I’m tired of seeing one-trick ponies that pop up in more than one booth and in show after show: the aforementioned Casebere and Kehinde Wiley—whose heroic super-realist portraits of black men on highly-patterned backgrounds I liked the first time I saw, but now they’re sameoldsameold.
Without a doubt, the most startling artist at the fair would have to be Mary Reid Kelley. There was something a little too slick about her drawings, but her video, The Syphilis of Sisyphus was jaw dropping. Reid Kelley plays Sisyphus a “grisette,” (French working class woman). The action begins with Sysyphus pondering the fate of woman as she sits at her dressing table and ends with her being dragged off by the "Morals Police," to the infamous Salpêtrière Hospital where women were “treated” for hysteria. Joining her in the performance are four Pierrots (played by Reid Kelley’s family members) who also assume other roles along the way. Reid Kelley employs antique costumes and painted set designs that look like they come from the dawn of cinematography, The Cabinet of Dr. Caligheri or Nosferatu. Her highly articulated make-up and weird black eye covers are downright creepy, evoking simultaneously a death’s head and also somehow not. It’s a wonderfully odd mix of serious, stylish and screwball. Retro and yet contemporary.
Watching the video, I felt strangely out of control, hijacked into some weird netherworld. It was like a bad acid trip in a good way. My one complaint is that I found her flat, girlish voice a little jarring and at odds with the dark intensity of her video. Reid Kelley is a recent graduate of the MFA program at Yale. She is one to watch.
Yang Jiechang’s series of paintings, Tale of the 11th Day, resemble traditional Chinese screens. On closer inspection you realize there’s a whole lot of monkey business going on between different species and between humans and animals. But the bestiality is presented in the same restrained manner as the landscape and adds a dash of spice and outlandishness to these otherwise austere works.
London-based Israeli artist, Gideon Rubin uses a subdued palette of olives, beiges and mauves with wonderful painterly brush strokes to produce curious and compelling paintings. His work has a 1940s aesthetic, recalling old sepia snap shots. What is most distinctive about his work is that he leaves the faces blank. Particularly effective was the girl on skis sitting in the snow and a whole group of small portraits hung in grid fashion, next to each other. Despite their featureless faces, Rubin successfully conveys each subject's individual character.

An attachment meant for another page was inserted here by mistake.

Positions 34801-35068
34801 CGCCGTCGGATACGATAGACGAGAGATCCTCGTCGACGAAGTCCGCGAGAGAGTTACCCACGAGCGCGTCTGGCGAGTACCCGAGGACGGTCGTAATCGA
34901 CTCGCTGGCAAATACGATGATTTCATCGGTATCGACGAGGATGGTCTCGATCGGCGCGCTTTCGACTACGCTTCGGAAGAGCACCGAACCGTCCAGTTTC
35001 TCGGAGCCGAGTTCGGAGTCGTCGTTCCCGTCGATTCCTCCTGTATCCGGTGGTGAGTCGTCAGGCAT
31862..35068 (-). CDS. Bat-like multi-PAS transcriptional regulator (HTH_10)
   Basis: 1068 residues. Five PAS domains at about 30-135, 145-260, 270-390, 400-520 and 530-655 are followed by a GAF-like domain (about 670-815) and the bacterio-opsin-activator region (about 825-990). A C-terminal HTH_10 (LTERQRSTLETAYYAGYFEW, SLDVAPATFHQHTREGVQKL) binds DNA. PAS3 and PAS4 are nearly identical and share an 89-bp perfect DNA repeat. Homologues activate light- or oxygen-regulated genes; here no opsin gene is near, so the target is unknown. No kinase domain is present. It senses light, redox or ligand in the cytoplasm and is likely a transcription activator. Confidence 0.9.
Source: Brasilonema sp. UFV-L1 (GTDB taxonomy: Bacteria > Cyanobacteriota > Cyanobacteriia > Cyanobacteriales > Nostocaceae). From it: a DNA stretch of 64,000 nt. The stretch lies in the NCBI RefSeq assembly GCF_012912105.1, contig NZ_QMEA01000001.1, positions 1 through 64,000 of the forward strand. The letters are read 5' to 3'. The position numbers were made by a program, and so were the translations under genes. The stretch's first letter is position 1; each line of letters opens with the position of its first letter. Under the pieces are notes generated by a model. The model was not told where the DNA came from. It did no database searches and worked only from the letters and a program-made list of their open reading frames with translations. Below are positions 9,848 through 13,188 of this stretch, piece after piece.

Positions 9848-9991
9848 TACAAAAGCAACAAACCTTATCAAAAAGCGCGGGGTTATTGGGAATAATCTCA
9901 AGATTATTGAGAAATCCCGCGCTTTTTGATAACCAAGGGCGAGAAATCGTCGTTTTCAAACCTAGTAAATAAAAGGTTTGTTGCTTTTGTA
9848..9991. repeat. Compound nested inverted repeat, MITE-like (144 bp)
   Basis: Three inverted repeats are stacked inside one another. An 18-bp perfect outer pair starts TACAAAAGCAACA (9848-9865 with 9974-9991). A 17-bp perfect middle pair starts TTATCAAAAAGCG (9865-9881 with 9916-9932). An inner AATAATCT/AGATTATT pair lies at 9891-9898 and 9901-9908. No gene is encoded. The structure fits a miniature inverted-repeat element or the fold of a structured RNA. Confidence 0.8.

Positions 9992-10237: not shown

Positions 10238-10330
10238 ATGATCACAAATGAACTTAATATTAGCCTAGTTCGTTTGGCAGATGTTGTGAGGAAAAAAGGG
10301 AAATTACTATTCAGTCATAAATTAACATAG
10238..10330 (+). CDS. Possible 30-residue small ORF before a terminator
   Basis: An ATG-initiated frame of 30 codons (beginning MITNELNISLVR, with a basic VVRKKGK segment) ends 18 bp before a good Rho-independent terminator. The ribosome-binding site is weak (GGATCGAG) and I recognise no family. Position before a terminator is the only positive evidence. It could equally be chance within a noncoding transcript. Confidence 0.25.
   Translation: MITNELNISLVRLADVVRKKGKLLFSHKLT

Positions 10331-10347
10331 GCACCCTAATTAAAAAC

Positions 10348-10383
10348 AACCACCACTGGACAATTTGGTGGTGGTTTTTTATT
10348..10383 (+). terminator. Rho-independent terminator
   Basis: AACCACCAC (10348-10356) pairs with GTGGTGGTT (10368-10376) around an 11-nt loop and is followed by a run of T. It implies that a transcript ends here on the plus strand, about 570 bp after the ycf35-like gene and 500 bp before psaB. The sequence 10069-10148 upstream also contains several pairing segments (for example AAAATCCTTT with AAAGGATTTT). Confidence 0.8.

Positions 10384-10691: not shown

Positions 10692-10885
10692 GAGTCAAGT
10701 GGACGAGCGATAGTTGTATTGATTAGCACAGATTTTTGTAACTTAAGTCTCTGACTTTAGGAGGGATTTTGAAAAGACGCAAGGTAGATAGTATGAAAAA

I think my favorite artist at the show was Mike Bayne, a photographer (Nope he's a painter see comment below.) This makes me like him even more I had never heard of. He paint incredibly realist paintings of sad-sack neighborhoods and down-at-heel commercial strips. Bayne doesn’t go for big statements; he seeks out the ordinary, everyday things anyone anywhere could see: a tawdry motel sign or rundown ranch as opposed to attention grabbing glitz or nifty visual sights. But Bayne’s little gems do grab your attention. It’s all about composition and scale. Bayne frames his work really, really well and they’re diminutive (5” x 8”?), which for me works as well as large format as far as photography’s concerned.
One entire wall in this booth was taken up by the work of the late Icelandic artist, Birgir Andrésson. Like over-scale paint chips, his paintings of pure color feature the name of the color printed across them. One series, different variations of grey, seemed to comment directly on Iceland’s potential for bleakness. But the work is much more than this, referencing a “blind reality” that Andrésson was only too familiar with having been born to blind parents.
Over on Pier 92 was the Modern section. There I saw a nifty blue slit canvas by Lucio Fontana whom I had only recently been introduced to at the Suprasensorial show at the Hirshhorn. Here, also was Gerhard Richter’s Abstraktes Bild, yours for a cool $13.5 million, and a not very good, but interesting because it was so uncharacteristic, abstract painting by Chuck Close.
I was lucky enough to meet up with a well-connected art dealer friend who had been invited to parties hosted by the consular generals of Finland, Norway and Belgium at their uniformly splendid apartments. (Not being a Nordic country, I surmise Belgium jumped on the Armory bandwagon purely because, unlike here, art is important in that country.) The work at the Finnish apartment was the most impressive with a number of interesting artists: Hanna Väisänen, Susanna Gotteberg, Margatta Palasto, Raili Tang and Robert Lucander whose triad of paintings Harmaa, Tummanvihreä, Musta (Grey, Dark Green, Black) 1993 (pictured) with their brooding, spare yet dense presence were the best thing I saw in New York.
On the Norwegian Consular’s terrace we were treated to one of the most spectacular moon rises I have ever seen: a great orange orb that matched exactly the lights on the warehouses of Queens, rising slowly above the East River. Framed by tall buildings, city lights and water, it was breathtaking.